The report emphasises the strength of cross-border payment activity, which surged to approximately $150 trillion in 2022, marking a significant 13 percent increase within just one year. This substantial movement of money led to an even more substantial boost in cross-border revenues, which climbed by 17 percent to reach $240 billion. Revenues from cross-border consumer payments, including both consumer-to-business (C2B) and consumer-to-consumer (C2C) transactions, saw double-digit growth rates, a notable acceleration from the high single-digit growth observed in 2021. On the flip side, both forms of commercial payments, business-to-business (B2B) and business-to-consumer (B2C), expanded by 10 percent, exhibiting a somewhat slower pace compared to the post-pandemic surge witnessed in 2021.
The rise of Instant payments and Digital wallets
The report forecasts that future revenue growth is likely to be driven by innovations in instant payments and the increasing use of digital wallets in specific regions. It reveals that, over the past five years, the growth in the volume of electronic payment transactions has consistently outpaced the growth in payments revenue, with a 17 percent increase compared to a 6 percent increase. These trends are also reflected in the declining use of cash, which decreased by nearly four percent globally in 2022. This shift away from cash usage has continued even after the pandemic, particularly in cash-dependent economies like India and Brazil, where the proportion of cash transactions dropped by seven to ten percentage points. Also read: Bank Sakhis: Pushing digital payments in rural India
Instant payments are a significant factor in this move away from cash, as per the report. In India, instant payments are expected to contribute less than 10 percent to future revenue growth because there are currently no fees charged for the Unified Payments Interface (UPI). In contrast, in several European countries like Germany, instant payments are considered a premium option, which creates a relatively strong potential for revenue growth.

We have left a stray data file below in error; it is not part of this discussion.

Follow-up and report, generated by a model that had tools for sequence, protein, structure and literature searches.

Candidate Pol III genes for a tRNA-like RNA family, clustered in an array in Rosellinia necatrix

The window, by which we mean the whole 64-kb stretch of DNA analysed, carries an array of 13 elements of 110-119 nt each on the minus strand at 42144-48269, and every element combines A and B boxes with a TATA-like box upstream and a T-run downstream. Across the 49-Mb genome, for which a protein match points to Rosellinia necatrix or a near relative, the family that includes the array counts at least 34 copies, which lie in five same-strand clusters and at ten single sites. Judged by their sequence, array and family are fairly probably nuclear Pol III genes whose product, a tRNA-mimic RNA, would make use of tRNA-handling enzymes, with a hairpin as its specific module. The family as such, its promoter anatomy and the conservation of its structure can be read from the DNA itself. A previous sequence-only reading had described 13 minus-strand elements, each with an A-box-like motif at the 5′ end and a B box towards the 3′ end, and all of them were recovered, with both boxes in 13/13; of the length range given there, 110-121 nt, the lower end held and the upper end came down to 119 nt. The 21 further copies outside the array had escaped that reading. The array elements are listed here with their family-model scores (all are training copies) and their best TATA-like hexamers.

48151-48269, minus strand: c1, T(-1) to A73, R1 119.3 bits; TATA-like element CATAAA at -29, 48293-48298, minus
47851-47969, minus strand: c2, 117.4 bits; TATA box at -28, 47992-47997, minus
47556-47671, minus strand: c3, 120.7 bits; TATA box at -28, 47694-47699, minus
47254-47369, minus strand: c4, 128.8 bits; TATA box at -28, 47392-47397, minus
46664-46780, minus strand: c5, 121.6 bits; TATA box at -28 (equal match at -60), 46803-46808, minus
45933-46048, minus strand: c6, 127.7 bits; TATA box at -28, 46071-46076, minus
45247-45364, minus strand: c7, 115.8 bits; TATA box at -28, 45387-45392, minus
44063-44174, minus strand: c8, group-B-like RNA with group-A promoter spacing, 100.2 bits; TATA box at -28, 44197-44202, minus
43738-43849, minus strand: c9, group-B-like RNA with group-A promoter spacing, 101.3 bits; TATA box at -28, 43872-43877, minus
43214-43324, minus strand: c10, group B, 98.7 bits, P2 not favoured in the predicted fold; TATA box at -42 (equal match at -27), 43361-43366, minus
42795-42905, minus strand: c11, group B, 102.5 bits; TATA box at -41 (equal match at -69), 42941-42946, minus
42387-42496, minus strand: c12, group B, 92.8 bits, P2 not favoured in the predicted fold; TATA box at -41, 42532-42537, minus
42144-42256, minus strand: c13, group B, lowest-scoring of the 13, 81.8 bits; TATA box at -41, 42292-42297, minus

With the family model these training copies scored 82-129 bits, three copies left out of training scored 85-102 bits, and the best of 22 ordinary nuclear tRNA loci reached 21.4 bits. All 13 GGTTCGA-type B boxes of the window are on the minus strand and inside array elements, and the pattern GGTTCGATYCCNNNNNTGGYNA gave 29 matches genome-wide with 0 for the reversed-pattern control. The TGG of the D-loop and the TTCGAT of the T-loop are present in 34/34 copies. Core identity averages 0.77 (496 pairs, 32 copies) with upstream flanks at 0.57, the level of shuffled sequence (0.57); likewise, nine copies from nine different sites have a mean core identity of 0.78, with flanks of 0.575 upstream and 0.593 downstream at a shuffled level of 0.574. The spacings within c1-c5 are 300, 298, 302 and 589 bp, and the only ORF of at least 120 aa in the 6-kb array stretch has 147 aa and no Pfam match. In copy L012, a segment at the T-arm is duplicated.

Entering a new payments era: The Decoupled Era
According to the McKinsey report, the payment industry has evolved through three distinct phases, each dominated by different methods: Paper, plastic, and account-based transactions. Since the 1990s, payments have been operating within the Account Era, where plastic cards are no longer necessary to access funds. This era began with the rise of online capabilities towards the end of the previous century, empowering individuals to manage funds directly from their accounts using internet and mobile technologies, utilising existing infrastructure.
However, the report suggests that we are now witnessing the beginnings of a fourth era, which they term the “Decoupled Era”. This new era is expected to be characterised by payments becoming increasingly independent of traditional accounts and fixed repositories of value. Users will have a stronger say as they prioritise convenience, affordability, and security. The Decoupled Era is expected to rely heavily on technology, with the specific technologies that will prevail still to be determined. Potential contenders in this era include platform-as-a-service (PaaS) models, which enable specialised providers and offer smooth transitions between products and services, and generative AI, which will further customise customer experiences, streamline payment processes, and enhance fraud protection.